HOW THE OBESITY DEBATE BECAME FAT WITH DISINFORMATION
Critics Cite Myth Built of Sloppy Science and Cultural Bias
KRAFT TO STOP ADVERTISING SOME FOODS TO CHILDREN
Marketing Strategy Shifted to Emphasize More Nutritious Products
GROUP CALLS FOR JUNK FOOD AD BAN ON CHILDRENS' SHOWS
Proposed Guidelines Target 18-Year-Olds
GROCERY MAKERS LOBBY AGAINST FOOD ADVERTISING CURBS
Want Better Promotion of Existing Self-Regulation Programs
FOOD MARKETERS DEFEND ADVERTISING PRACTICES
Obesity Statements Delivered to Absentee Congressional Panel
STUDY LINKS CHILDHOOD OBESITY AND ADVERTISING
Kaiser Foundation Findings Debated at Washington Forum
REPORT HITS 'COMMERCIALIZATION OF CHILDHOOD'
Calls for Restrictions on Children-Oriented Advertising
GROUP CALLS FOR BAN ON HIGH-FAT FOOD ADVERTISING
Charges Food Companies With 'Marketing Obesity to Children'
Carrying the banner for the beleaguered food advertising business, the ANA issued a statement this morning that said: "No child is going to drive himself to a quick service restaurant or supermarket, so the ads seen by these children are also intended for adults."
Attack scientific data
It said bans in other countries on children's advertising have had no effect on diet. The ANA also questioned the accuracy of scientific data being used to define the childhood obesity crisis. "Some of the reports of critics of food and beverage marketing have been based on assumptions and assertions, rather than solid scientific data and analysis," the statement said.
Advertising lobbying groups, including the ANA, the American Advertising Federation, the American Association of Advertising Agencies, the Grocery Manufacturers of America, and marketers General Mills, Kraft Foods and Kellogg Co. have been meeting for a year to formulate strategy against any congressional attempt to curtail food advertising aimed at children.
New lobbying alliance
The players, which have occasionally formed industry groups over issues -- the Advertising Tax Coalition is one; the Freedom to Advertise Coalition was another -- last week formed the Alliance for American Advertising on the food issue.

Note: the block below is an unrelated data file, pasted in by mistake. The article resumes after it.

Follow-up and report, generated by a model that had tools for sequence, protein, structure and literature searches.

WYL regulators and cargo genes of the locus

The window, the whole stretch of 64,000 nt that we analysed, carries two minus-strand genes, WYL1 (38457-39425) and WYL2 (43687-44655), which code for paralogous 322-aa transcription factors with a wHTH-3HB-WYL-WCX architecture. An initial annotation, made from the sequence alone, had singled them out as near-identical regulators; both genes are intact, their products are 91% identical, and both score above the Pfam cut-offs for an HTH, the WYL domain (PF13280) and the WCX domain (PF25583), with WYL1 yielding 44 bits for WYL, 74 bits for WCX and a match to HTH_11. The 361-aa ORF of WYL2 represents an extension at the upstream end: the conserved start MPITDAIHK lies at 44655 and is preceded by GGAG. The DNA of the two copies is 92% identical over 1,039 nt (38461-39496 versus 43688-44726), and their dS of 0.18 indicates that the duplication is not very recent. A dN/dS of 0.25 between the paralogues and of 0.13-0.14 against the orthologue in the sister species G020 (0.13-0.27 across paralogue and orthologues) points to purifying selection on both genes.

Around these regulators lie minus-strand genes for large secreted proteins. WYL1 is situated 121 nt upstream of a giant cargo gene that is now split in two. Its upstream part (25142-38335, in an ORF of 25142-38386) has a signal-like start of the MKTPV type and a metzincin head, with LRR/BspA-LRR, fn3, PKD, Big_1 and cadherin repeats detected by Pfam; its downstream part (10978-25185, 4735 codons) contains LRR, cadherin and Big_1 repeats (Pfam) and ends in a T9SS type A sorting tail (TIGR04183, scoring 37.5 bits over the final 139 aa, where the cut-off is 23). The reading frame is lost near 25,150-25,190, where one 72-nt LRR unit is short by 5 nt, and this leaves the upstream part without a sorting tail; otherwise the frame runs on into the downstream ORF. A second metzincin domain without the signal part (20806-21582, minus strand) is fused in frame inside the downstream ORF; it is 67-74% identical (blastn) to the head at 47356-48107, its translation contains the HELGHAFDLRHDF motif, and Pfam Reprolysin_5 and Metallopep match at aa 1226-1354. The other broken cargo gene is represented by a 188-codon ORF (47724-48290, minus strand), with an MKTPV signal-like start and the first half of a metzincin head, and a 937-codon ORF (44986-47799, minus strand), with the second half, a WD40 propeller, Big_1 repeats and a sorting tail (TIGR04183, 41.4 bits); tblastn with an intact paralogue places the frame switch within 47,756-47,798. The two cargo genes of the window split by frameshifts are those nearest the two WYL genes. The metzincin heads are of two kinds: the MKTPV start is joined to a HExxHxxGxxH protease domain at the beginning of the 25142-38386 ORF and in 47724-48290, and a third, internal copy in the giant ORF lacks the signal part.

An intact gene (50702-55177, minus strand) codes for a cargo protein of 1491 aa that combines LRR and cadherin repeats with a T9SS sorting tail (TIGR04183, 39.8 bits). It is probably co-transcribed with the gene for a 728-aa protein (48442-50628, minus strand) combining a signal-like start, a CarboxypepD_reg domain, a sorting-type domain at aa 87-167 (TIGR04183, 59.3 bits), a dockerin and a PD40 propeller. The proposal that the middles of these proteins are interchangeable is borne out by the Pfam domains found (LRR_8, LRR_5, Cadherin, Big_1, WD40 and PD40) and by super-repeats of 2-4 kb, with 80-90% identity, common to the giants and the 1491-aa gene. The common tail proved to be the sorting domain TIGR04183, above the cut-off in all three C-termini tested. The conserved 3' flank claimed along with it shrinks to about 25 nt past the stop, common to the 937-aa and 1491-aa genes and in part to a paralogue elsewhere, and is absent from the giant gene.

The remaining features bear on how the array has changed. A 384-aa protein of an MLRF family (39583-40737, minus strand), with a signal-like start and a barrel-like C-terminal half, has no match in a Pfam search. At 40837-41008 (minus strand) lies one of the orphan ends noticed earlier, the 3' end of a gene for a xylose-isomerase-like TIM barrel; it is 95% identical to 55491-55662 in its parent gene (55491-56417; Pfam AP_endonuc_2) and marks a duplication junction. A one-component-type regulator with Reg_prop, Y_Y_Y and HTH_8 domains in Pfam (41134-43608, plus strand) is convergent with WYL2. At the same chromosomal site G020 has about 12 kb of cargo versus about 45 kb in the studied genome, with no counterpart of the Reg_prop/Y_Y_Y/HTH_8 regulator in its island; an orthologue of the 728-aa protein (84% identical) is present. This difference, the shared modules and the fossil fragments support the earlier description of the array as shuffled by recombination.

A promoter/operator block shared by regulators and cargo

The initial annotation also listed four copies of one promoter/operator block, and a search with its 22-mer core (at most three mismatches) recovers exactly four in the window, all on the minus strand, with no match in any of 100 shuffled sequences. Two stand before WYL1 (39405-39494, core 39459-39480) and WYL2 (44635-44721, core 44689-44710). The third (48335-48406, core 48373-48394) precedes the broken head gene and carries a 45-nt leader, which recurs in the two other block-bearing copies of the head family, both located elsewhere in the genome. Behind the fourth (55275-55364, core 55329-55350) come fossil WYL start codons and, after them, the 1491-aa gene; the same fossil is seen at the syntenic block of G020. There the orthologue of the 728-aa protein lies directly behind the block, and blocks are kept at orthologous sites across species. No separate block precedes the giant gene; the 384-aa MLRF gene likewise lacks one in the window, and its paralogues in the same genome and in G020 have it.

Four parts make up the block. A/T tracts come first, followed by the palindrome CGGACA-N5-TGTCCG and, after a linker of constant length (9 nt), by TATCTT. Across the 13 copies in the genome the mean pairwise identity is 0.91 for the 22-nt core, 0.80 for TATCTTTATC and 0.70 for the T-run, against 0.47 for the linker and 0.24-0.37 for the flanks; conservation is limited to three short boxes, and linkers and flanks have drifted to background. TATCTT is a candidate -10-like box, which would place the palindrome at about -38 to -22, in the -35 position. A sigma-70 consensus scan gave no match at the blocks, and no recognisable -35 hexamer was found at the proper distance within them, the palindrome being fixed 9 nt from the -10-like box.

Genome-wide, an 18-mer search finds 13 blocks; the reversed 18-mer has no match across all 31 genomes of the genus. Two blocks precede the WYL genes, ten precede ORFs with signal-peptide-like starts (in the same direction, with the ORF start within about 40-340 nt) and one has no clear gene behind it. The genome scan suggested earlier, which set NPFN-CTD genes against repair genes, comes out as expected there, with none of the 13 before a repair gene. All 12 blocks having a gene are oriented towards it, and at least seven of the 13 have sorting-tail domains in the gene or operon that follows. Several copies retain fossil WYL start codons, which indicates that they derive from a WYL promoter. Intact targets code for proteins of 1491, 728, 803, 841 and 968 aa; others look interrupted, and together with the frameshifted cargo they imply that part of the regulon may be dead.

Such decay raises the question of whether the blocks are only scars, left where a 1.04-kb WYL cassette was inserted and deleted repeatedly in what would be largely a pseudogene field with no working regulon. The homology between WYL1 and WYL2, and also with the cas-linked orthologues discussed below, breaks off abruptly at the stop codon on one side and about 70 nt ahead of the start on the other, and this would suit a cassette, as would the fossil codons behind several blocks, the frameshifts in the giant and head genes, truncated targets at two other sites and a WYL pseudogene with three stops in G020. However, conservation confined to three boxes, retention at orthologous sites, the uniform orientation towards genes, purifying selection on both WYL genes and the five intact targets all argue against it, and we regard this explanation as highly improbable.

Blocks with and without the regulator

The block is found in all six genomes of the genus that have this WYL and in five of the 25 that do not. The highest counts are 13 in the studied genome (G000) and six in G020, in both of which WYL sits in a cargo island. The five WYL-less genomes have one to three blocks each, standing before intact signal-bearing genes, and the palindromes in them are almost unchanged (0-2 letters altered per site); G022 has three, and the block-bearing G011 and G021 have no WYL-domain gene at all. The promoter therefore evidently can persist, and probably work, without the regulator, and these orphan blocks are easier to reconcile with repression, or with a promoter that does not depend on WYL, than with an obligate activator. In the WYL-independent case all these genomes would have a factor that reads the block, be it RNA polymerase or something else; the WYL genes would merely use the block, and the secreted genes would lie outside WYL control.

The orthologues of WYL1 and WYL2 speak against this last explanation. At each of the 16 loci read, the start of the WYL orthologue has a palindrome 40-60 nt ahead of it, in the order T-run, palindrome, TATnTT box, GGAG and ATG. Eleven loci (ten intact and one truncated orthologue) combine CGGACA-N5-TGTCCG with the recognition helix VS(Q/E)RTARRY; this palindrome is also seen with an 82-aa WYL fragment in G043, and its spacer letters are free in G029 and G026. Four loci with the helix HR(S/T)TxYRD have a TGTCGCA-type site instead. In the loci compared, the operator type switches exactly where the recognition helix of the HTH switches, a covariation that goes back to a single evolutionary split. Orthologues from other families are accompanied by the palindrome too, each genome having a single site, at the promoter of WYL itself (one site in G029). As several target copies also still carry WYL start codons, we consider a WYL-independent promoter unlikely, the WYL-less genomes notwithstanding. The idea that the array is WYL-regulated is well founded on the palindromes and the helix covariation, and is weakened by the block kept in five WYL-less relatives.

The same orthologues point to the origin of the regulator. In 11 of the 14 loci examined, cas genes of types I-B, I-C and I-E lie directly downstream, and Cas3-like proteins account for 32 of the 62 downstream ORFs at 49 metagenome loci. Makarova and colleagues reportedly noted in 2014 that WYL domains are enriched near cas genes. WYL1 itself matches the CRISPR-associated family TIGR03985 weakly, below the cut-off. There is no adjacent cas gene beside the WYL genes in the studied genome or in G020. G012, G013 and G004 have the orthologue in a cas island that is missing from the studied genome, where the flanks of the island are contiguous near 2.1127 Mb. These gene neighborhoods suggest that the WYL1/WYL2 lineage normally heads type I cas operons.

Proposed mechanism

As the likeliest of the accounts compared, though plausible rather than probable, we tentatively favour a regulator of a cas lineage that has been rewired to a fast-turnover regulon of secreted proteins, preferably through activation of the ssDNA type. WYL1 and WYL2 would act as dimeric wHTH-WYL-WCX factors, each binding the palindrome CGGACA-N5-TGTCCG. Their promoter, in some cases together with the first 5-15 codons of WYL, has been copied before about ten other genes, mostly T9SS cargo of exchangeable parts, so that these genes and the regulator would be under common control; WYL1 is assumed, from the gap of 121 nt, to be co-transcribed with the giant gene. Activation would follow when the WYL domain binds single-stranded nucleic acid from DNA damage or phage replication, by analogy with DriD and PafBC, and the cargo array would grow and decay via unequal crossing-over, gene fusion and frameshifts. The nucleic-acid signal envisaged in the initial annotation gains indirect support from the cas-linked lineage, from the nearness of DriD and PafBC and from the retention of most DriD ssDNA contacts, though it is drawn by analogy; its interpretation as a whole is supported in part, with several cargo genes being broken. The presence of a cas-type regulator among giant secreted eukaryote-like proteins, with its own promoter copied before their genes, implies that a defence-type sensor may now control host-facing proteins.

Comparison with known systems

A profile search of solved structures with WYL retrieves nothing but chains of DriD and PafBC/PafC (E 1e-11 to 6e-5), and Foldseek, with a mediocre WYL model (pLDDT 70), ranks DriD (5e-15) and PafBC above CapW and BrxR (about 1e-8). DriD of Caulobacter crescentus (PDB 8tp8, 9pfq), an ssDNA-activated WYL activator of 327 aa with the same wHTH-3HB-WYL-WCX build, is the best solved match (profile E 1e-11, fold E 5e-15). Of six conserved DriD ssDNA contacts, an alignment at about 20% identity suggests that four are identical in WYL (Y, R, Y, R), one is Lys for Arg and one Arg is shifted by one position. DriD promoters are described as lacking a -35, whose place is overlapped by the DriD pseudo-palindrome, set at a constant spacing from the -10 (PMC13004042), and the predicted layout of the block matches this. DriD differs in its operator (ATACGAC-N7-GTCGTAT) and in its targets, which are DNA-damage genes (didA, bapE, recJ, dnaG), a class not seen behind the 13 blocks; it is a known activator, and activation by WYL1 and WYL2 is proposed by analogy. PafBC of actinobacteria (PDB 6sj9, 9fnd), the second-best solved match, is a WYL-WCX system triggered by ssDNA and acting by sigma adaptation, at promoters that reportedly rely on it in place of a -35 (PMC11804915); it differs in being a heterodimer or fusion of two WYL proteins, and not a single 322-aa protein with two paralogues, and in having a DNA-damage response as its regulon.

Congress has directed the Institute of Medicine to undertake a comprehensive study of the science-based effects of food marketing on the diets and health of children and youth in the U.S. The Centers for Disease Control and Prevention is funding the study.
Executives of PepsiCo, Kraft Foods, McDonald's, General Mills, and Viacom's Nickelodeon will testify today about efforts they have taken to improve nutrition information to children.
A PepsiCo spokeswoman said a presentation by Ellen Taaffe, PepsiCo's vice president of health and wellness marketing, will "basically cover a lot of the things we've already been talking about." Central among them is the company's continued commitment to its portfolio of Smart Spot products that meet established nutrition guidelines and its shift in focus of both new product development and marketing toward those products.
Meanwhile, food manufacturers continue to come under increasing pressure on the issue. The Second Circuit Appellate Court yesterday revived on technical grounds a lawsuit against McDonald's alleging that the fast-food chain deceptively represented consumer information to New York City customers. And recently, the Center for Science in the Public Interest issued proposed advertising guidelines calling for strict limits on advertising of many food and beverage products to those under 18.
The real concern of ad groups and marketers, however, is what will Congress will. Despite gains by Republicans in both Houses, food advertising issues have traditionally come under attack from both parties.
The alliance's activities will be little different from what ad trade groups have conducted during the past year -- lobbying and public relations activities -- but members said the name provides a common face to the effort to influence Congress and the media and enlist other corporate partners.